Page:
Houston Astros Week Two Recap; Where’s The Offense?


Mandatory Credit: Jim Cowsert-USA TODAY Sports

The second week of the baseball season is in the books, so the time has come for our second Astros Weekly Recap! Every week we’re going to take a look back at how they did, what we should be excited about, nervous about, and something to look forward to. If you have any Astros questions, excitements, or concerns you’d like addressed, hit me up on Twitter and I’ll address it here.


Our hometown team played seven games last week, going 2-5, taking one apiece against the Blue Jays and the Rangers. We suffered two tough-luck losses to the Rangers, losing 0-1 in the first and last games of the series.  They struggled to score runs in their losses averaging  and averaged 1.2 runs in our 5 losses. This is probably more like the Astros that we can expect, but there is a lot to be excited about from what has happened thus far.

MVP of the Week

Unlike last week when 3 or 4 guys rightly deserved our major award, no one person really distanced themselves from the rest of the team with their stats this week, so we’re going to give the award again to Scott Feldman. Feldman went head-to-head with Yu Darvish and hung a big ND on the Astro-killer. Feldman went 7 innings, allowing no runs on only 2 hits. Feldman has allowed only one run on 20.2 IP, making the widely lauded free-agent signing look better and better. If he keeps this up we’ll have to rename the award the Scott Feldman Award of Scott Feldmanliness/Feldwomanliness.

Honorable Mention – Robbie Grossman and his two very timely home runs.

Reason for Excitement

The Astros starting pitching is this week’s reason for excitement (hold on while I try and make a case for all of them). The last four starts all went at least 7 innings, while limiting runs. Brett Oberholtzer went 7 strong IP allowing 1 ER on only 5 baserunners, while striking out 7. Jarred Cosart was touched up early, but settled in allowing 3 ER over 7 IP and 8 Ks. Feldman threw his aforementioned gem. And Dallas Keuchel went 7 innings against the Jays, allowing only 1 ER.

Mandatory Credit: Dan Hamilton-USA TODAY Sports

Clearly I left a pitcher out. We all know that Lucas Harrell has had a tough 14 months, especially after getting hit hard and exiting early in both of his starts this year. But did you know that his Batting Average on Balls In Play (BABIP) is .419? BABIP measures how many of balls put into play go for hits, and fluctuates over a season but almost always regresses to a player’s career average. Harrell’s career BABIP is .309. I’m not suggesting that he is going to ever be a useful starting pitcher again, but there is a good chance that he will be better than he has been. Let’s just keep our expectations low.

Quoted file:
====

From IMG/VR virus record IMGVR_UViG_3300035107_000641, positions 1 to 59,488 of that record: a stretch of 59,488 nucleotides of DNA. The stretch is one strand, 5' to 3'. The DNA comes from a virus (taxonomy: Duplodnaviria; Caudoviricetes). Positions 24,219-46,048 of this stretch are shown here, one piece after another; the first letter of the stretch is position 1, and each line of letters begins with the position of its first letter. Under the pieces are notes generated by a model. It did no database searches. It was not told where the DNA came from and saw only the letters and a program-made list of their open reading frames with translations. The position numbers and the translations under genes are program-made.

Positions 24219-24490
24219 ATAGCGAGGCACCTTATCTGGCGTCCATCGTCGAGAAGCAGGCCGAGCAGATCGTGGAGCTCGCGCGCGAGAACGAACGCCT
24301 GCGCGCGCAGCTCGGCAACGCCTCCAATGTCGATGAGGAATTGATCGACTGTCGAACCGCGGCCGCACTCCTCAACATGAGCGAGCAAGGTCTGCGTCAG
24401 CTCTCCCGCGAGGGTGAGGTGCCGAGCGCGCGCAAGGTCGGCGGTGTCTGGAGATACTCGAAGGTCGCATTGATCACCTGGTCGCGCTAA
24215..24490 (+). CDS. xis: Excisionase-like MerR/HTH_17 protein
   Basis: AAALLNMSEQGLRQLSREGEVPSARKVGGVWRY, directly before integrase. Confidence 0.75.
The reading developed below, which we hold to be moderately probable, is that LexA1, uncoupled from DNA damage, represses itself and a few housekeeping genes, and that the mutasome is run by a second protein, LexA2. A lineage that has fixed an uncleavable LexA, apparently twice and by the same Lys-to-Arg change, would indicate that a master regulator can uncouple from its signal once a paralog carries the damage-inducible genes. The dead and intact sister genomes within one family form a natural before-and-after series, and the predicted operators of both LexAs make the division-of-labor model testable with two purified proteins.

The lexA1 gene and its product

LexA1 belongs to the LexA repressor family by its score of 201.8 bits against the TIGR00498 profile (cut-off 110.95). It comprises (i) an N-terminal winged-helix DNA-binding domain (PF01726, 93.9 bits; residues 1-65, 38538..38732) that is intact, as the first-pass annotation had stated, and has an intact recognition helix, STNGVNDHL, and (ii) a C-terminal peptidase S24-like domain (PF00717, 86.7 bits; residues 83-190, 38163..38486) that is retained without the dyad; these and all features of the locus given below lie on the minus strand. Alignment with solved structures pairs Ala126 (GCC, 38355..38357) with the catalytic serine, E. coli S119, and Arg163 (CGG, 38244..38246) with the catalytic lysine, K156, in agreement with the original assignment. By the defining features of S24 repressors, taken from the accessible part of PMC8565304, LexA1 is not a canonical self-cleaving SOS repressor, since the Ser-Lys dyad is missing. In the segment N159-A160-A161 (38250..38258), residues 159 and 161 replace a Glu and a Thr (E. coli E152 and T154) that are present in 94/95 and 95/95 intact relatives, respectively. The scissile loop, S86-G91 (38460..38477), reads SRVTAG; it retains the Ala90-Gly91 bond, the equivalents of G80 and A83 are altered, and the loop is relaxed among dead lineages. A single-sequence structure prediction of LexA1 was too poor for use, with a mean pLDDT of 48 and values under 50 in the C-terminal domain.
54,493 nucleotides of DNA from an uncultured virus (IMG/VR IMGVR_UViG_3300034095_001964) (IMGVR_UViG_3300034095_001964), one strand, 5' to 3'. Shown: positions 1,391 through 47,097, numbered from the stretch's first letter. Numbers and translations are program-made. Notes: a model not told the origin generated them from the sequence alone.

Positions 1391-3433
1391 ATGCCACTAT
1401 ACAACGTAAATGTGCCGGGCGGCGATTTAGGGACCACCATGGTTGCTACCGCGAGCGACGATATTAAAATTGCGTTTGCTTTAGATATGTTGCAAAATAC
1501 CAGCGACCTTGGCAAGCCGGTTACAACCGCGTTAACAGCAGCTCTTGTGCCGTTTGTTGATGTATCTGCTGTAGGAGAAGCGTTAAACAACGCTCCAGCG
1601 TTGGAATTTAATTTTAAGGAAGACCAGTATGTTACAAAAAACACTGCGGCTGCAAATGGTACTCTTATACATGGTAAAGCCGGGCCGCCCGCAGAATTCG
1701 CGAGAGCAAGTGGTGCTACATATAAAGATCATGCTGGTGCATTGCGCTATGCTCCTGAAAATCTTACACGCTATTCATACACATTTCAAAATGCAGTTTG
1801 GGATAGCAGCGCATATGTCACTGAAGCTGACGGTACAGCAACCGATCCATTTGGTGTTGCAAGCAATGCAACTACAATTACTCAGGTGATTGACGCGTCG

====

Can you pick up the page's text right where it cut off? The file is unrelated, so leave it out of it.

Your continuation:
Reason for Sadness

I did not mention this in my love paragraph to Scott Feldman earlier, but his dad passed away this last week. He was added to the bereavement list after his start Friday and can stay on it for up to 7 days. I’m sure all of Houston’s thoughts are with the Feldman family.


.308     – L.J. Hoes’ batting average, good for highest on the team

.438     – L.J. Hoes’ on base percentage, good for highest on the team

.538     – L.J. Hoes’ slugging percentage, good for second highest on the team

16        – L.J. Hoes’ plate appearances, good for last of all Astros who aren’t Marwin Gonzalez

58.3%  – Number of games that have started with L.J. Hoes on the bench

Keep Your Eye On

Despite their timely HRs last week, Jason Castro and Robbie Grossman have had slow starts to the season. Let’s look for both of their number’s to tick upward as they are both likely small sample size victims.

Again, hit me up on Twitter if you have any questions that you’d like answered in next week’s Weekly Recap. Happy Astrosing.

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